What is EMDR?

I am trained in EMDR, which stands for Eye Movement Desensitisation and Reprocessing. It is a psychotherapy that has been proven to be effective in treating trauma, and is recommended by the UK's National Institute of Health and Clinical Excellence (NICE) for Post-Traumatic Stress Disorder (PTSD).

The mind usually heals itself naturally the same way the body does and this happens when we sleep and enter REM (rapid eye movement) deep sleep. This is the mind's way of automatically processing day-to-day stress. However, when you are traumatised or distressed by an overwhelming event or events, this becomes too much for the mind to process. This results in memories being stored in the part of the brain responsible for feeling, rather then the part of the brain responsible for filing away memories into story mode, resulting in anxiety, anger, despair and panic being experienced in the here-and-now, despite the trauma or distress being a thing of the past.


EMDR helps to create connections in the brain to de-charge these memories or feelings in a very natural organic way.

What is an EMDR session like?

During our first session(s) we focus on building some tools and techniques  for you to feel calm and comfortable in the therapy. I will then ask you a series of questions and we will agree on an area to work on before we begin with the eye movement process. Eye movements (similar to those in REM sleep) will be recreated for a short while whilst you focus on a specific area. Afterwards, I will ask for some short feedback and then this process repeats, several times throughout the session. With repeated sets of eye movements, memories, thoughts and feelings become less intense.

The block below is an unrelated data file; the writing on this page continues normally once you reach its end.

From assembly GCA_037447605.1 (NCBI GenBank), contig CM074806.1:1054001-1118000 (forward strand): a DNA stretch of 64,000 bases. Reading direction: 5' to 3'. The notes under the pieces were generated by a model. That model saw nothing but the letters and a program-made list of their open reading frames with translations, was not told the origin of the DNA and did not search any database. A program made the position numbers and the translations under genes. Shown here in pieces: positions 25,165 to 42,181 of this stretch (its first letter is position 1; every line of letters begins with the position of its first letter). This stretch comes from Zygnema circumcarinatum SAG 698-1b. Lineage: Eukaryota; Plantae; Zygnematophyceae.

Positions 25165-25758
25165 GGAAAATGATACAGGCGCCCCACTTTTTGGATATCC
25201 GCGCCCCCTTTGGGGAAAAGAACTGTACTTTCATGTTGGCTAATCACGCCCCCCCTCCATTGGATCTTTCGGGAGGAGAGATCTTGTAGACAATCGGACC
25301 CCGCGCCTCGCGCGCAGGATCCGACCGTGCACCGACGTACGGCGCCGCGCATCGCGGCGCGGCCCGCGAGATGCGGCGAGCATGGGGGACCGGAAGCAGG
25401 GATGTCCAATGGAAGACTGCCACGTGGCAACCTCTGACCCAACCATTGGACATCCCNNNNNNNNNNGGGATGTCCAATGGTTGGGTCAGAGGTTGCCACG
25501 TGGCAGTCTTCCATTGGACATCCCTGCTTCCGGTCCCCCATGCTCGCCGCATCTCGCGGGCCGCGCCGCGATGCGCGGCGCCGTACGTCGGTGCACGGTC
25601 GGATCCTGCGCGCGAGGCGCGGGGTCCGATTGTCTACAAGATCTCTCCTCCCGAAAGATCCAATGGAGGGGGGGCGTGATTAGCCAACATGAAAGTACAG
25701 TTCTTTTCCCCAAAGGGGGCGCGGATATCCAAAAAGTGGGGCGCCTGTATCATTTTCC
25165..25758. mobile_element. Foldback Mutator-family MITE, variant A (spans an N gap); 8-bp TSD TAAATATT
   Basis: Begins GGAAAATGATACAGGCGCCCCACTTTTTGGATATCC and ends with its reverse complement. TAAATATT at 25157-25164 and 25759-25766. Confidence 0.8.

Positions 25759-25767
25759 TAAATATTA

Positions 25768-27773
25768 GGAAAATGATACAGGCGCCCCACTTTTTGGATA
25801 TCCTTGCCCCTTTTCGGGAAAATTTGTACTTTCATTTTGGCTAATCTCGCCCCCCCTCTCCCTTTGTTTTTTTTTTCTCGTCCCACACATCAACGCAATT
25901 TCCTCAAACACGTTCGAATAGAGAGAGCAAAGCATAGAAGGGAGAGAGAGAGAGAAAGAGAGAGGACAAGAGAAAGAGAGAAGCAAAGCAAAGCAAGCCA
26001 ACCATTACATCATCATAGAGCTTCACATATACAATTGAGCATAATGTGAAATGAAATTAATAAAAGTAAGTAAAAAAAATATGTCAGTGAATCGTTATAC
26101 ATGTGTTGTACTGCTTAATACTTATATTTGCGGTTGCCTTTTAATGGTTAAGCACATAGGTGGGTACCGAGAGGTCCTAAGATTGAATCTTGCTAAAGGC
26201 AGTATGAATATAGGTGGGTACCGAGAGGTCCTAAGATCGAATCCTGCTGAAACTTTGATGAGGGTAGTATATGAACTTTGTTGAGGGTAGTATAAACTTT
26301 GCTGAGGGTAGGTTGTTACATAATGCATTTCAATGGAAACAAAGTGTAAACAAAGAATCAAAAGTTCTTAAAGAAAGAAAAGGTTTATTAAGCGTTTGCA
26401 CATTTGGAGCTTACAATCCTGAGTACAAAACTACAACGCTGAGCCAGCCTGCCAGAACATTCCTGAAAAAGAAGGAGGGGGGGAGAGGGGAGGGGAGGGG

Many mistake this for a form of hypnosis, it is not. You remain fully awake and in control with me sat in the passengers seat guiding you gently through the process.

What else can EMDR be used for?

Alongside PTSD (post-traumatic stress disorder) EMDR is used successfully to treat:

  • anxiety

  • panic attacks 

  • depression

  • phobias

  • stress

  • pain

  • self-esteem 

  • performance anxiety

  • addictions

I am also trained in CISD, which stands for critical incident stress debriefing. This is a process intended to limit symptoms of trauma directly after being exposed to a traumatic event. I designed and developed the trauma awareness training for those impacted by the Grenfell tragedy and have also supported the emergency services and armed response officers within the Met Police.